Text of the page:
Study shows Brilinta treatment reduced thrombotic cardiovascular events in patients with a history of heart attack

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AstraZeneca has announced full results from the PEGASUS-TIMI 54 study, a large-scale outcomes trial that investigated Brilinta (ticagrelor) tablets plus low dose aspirin, compared to placebo plus low dose aspirin, for chronic secondary prevention of atherothrombotic events in patients who had experienced a heart attack one to three years prior to study enrolment.

Both study doses of ticagrelor significantly reduced the primary endpoint of cardiovascular death, myocardial infarction or stroke compared to placebo. The rates at three years were 7.85% in the ticagrelor 90mg arm, 7.77% in the ticagrelor 60mg arm, and 9.04% in the placebo arm (hazard ratio for ticagrelor 90mg vs placebo 0.85, 95% CI 0.75 – 0.96, p=0.0080; hazard ratio for ticagrelor 60mg vs placebo 0.84, 95% confidence interval 0.74–0.95, p=0.0043).

The effect of ticagrelor on each of the components of the primary endpoint was consistent. A numerical decrease in the secondary endpoints of cardiovascular death and all cause mortality was observed, but did not reach statistical significance.

In addition, the primary efficacy endpoint of both doses of ticagrelor appeared consistent across major subgroups including age, sex, index myocardial infarction type (STEMI/NSTEMI), time from qualifying myocardial infarction, diabetes, aspirin dose, history of percutaneous intervention (angioplasty), and geographical region.

As expected, thrombolysis in myocardial infarction major bleeding was higher with both doses of ticagrelor compared to placebo, with rates at three years of 2.60% in the ticagrelor 90mg arm, 2.30% in the ticagrelor 60mg arm, and 1.06% in the placebo arm (hazard ratio for ticagrelor 90mg vs placebo 2.69, 95% confidence interval 1.96–3.70, p<0.001; hazard ratio for ticagrelor 60mg vs placebo 2.32, 95% confidence interval 1.68–3.21, p<0.001). However, the rates of fatal bleeding or intracranial haemorrhage were low and similar between treatment arms.

Fatal bleeding rates at 3 years were 0.11% in the ticagrelor 90mg arm, 0.25% in the ticagrelor 60mg arm, and 0.26% in the placebo arm (hazard ratio for ticagrelor 90mg vs placebo 0.58, 95% confidence interval 0.22–1.54, p=0.27; HR for ticagrelor 60mg vs placebo 1.00, 95% confidence interval 0.44–2.27, p=1.00).

Intracranial haemorrhage rates at three years were 0.56% in the ticagrelor 90mg arm, 0.61% in the ticagrelor 60mg arm, and 0.47% in the placebo arm (hazard ratio for ticagrelor 90mg vs placebo 1.44, 95% confidence interval 0.83–2.49, p=0.19; hazard ratio for ticagrelor 60mg vs placebo 1.33, 95% confidence interval 0.77–2.31, p=0.31).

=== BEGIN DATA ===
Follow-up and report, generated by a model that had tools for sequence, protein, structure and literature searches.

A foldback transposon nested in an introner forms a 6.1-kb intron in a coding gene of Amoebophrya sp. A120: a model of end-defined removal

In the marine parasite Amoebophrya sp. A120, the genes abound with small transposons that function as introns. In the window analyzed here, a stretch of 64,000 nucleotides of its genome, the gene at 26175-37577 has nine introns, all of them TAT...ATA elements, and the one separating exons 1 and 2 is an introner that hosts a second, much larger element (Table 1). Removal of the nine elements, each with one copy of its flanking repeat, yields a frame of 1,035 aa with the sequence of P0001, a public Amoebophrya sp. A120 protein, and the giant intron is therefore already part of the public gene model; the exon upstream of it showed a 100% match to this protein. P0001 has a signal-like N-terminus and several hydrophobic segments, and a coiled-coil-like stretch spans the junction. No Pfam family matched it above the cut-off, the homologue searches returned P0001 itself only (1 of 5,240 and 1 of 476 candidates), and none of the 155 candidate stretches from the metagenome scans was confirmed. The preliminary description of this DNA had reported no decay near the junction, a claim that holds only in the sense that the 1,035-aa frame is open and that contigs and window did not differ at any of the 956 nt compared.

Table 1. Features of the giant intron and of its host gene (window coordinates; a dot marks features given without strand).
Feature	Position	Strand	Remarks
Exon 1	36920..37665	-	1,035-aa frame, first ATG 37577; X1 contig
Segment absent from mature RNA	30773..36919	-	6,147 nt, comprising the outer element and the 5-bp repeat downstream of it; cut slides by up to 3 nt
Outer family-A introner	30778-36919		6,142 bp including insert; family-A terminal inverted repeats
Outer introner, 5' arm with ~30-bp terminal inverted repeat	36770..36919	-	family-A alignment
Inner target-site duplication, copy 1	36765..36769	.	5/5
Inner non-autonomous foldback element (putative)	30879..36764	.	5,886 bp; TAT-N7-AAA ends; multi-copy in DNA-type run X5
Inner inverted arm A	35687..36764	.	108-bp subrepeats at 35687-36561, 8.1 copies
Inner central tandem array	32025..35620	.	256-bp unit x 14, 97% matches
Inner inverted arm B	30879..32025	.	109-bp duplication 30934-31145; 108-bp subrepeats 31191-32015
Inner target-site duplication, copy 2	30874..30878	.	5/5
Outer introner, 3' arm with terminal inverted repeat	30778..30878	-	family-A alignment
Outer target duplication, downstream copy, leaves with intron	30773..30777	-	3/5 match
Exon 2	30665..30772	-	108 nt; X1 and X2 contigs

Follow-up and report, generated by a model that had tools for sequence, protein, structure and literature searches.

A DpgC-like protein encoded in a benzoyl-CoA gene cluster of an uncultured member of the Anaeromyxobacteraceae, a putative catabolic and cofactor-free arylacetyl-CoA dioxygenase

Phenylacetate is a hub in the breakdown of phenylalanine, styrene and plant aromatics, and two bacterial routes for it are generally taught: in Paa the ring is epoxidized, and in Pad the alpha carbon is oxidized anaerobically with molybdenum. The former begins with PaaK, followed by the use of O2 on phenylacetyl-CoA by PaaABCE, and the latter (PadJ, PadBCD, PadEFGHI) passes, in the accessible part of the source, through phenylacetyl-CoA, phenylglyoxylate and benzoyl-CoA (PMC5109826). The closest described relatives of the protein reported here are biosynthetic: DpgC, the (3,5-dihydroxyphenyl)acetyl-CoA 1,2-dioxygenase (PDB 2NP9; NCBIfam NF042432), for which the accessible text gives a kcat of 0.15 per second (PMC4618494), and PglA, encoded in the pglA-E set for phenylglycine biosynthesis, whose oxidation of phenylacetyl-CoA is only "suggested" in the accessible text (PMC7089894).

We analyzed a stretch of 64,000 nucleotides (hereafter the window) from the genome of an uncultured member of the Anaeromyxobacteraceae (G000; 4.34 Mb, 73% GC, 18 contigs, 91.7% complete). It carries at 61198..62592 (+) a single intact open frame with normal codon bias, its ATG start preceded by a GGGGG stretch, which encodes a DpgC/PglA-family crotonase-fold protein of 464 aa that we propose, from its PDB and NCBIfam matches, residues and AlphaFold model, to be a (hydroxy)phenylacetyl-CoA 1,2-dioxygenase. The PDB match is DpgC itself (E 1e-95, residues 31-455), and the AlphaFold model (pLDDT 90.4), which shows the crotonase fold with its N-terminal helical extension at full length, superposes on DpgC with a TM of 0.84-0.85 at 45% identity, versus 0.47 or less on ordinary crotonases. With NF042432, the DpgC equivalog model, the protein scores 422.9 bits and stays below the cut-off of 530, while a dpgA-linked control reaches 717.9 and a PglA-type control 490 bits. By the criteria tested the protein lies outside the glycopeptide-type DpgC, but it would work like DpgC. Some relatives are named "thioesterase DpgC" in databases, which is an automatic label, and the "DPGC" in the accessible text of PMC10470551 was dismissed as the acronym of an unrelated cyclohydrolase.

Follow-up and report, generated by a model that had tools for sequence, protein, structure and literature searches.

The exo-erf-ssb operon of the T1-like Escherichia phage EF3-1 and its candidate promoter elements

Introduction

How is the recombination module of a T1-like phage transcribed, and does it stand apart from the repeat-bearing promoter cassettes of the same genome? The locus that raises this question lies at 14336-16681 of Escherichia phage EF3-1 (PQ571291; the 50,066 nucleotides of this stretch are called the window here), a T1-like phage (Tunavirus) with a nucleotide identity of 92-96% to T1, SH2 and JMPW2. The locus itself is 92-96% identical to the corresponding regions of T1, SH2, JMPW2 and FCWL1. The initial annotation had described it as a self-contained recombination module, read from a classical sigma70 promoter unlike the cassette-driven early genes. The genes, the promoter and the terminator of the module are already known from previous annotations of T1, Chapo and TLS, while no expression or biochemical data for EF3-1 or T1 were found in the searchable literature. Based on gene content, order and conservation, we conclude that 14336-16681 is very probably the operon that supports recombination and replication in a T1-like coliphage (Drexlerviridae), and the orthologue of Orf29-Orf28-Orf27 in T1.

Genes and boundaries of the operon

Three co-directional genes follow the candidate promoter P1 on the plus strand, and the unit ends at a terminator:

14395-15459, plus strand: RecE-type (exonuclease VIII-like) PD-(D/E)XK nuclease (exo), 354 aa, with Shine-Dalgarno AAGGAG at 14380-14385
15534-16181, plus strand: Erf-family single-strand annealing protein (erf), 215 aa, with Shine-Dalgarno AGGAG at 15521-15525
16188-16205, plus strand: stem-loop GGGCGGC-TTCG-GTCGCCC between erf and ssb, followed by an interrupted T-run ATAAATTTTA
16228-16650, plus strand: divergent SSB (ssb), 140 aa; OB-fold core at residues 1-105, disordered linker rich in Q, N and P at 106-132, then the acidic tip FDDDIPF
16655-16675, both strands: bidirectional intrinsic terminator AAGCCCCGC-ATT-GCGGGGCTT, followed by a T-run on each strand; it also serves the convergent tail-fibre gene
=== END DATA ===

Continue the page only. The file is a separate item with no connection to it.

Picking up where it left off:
The data were presented during the opening late-breaking clinical trial session of the American College of Cardiology’s 64th Annual Scientific Session (14–16 March, San Diego, USA), and also simultaneously published in the New England Journal of Medicine online.

Recent research has shown that one in five patients will have a further heart attack, stroke or cardiovascular death in the subsequent three years following a heart attack, even if patients were event-free after 12 months. For patients more than one year from a heart attack, the current standard of care is aspirin alone. The PEGASUS-TIMI 54 study was designed to investigate the effect of adding ticagrelor 60mg or 90mg twice daily to low dose aspirin on reducing the risk of cardiovascular death, heart attack or stroke in patients aged 50 and older with a history of heart attack and one additional cardiovascular risk factor.

The study is part of the PARTHENON programme. The PLATO study, involving over 18,000 patients, was the first study in the programme and is the basis on which ticagrelor has been approved in over 100 countries and included in 12 major acute coronary syndrome treatment guidelines globally. Further ongoing PARTHENON studies are assessing ticagrelor for the prevention of cardiovascular events in patients with peripheral arterial disease, ischaemic stroke or transient ischaemic attack, and in patients with diabetes and coronary atherosclerosis.

Ticagrelor is not approved for secondary prevention of atherothrombotic events in patients with a history of heart attack beyond one year. Brilinta is not approved for secondary prevention of atherothrombotic events in patients with a history of heart attack beyond one year or for the prevention of cardiovascular events in patients with peripheral arterial disease, stroke, diabetes or atherosclerosis.